Book Review: Auditory Communication for Deaf Children
Title: Auditory Communication for Deaf Children: A guide for teachers, parents and health professionals
Authors: Norman P. Erber
Publisher: ACER 2011
Norman Erber’s early work was trendsetting and valuable to practitioners. This new publication carries on his tradition of high quality content delivered in an easy-to-use format. Not only is this book useful for the practicing professional, it is also appropriate for parents. The book is replete with examples and practice items.
Chapter five provides a comprehensive review of the theoretical underpinnings of a good auditory training program. The content in chapter six extends this discussion and addresses the application of auditory training to the ubiquitous telephone. This chapter allows parents and professionals to introduce auditory training into the practical routines of children who are deaf or hard of hearing.
So often, parents and professionals work to develop the speech skills of a child who is deaf or hard of hearing without focusing on the need to develop that child’s listening skills. In this book, chapters two and eight focus specifically on the integration of speech perception and speech production. This is done through the presentation of theoretical principles, examples and practical strategies.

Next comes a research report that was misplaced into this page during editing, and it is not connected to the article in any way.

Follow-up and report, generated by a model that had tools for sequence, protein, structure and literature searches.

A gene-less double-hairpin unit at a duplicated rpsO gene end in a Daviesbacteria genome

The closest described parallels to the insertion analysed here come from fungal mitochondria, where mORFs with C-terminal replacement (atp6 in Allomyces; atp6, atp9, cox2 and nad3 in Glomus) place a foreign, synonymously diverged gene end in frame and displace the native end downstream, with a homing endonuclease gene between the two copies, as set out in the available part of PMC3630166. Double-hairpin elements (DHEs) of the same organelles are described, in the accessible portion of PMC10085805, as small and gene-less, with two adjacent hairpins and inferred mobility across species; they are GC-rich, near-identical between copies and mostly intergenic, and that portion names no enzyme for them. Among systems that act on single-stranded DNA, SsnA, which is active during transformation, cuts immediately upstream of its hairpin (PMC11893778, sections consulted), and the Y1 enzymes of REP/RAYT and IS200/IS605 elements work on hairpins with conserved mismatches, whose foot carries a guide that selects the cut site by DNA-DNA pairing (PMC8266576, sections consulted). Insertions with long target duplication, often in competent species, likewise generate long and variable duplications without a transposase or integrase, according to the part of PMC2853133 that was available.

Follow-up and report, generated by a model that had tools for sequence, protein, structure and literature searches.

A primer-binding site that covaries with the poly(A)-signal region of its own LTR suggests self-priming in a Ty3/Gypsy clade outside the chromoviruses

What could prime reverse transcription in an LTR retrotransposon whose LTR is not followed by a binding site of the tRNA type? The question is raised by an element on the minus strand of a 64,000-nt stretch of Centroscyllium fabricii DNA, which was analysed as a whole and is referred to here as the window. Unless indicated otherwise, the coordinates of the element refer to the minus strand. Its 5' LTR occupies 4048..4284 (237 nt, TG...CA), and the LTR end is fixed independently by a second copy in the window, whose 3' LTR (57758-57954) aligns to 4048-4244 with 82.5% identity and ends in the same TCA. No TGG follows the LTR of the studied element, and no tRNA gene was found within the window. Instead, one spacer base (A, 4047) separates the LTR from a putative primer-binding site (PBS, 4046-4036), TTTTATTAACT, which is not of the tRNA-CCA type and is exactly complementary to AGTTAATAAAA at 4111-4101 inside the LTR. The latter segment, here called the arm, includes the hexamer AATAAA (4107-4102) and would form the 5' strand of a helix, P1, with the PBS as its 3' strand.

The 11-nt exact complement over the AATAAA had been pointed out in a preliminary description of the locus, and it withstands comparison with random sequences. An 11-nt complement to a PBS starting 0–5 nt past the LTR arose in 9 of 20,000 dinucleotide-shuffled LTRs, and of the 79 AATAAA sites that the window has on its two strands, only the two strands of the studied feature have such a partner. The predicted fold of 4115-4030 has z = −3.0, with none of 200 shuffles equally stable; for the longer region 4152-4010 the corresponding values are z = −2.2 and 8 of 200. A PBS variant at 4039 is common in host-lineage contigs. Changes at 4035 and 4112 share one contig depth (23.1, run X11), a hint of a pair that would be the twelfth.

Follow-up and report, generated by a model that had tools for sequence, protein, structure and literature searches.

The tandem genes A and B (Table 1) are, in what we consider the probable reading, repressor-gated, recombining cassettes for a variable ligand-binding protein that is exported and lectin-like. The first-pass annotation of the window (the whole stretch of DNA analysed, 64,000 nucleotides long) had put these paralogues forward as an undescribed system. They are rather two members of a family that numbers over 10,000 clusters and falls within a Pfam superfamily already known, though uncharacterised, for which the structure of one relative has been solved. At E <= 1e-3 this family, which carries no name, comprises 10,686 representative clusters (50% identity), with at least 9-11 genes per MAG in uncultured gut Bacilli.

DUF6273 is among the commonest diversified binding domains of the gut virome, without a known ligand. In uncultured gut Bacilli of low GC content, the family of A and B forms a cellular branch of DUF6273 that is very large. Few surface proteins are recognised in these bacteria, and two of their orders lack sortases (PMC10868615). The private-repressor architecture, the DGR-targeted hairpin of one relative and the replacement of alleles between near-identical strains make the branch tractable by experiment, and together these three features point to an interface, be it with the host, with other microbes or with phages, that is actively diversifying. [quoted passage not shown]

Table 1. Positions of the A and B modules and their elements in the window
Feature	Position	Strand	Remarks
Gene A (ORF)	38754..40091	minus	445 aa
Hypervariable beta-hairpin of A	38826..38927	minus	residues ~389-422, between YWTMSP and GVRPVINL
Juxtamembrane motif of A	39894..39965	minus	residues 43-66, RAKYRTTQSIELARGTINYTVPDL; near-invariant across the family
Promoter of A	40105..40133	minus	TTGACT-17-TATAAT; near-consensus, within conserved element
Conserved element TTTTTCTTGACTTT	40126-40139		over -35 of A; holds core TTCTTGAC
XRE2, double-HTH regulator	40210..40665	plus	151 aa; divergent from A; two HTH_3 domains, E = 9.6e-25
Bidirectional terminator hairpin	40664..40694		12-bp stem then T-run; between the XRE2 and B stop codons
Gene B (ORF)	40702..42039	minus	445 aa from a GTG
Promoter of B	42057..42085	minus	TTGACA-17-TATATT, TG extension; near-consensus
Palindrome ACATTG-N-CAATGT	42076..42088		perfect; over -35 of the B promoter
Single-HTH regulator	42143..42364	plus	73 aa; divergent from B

Learning to listen is a full time commitment for those living with and interacting with a child who is deaf or hard of hearing. The content in this new book makes the requisite procedures ever more accessible to parents, teachers and therapists.
Reviewed by Arlene Stredler Brown, CCC-SLP, CED
Director, The Keystone Project; Boulder, CO
Adjunct Faculty; University of British Columbia
Adjunct Faculty; University of Northern Colorado
Fellow; National Leadership Consortium on Sensory Disabilities
Department of Speech, Language, and Hearing Sciences, University of Colorado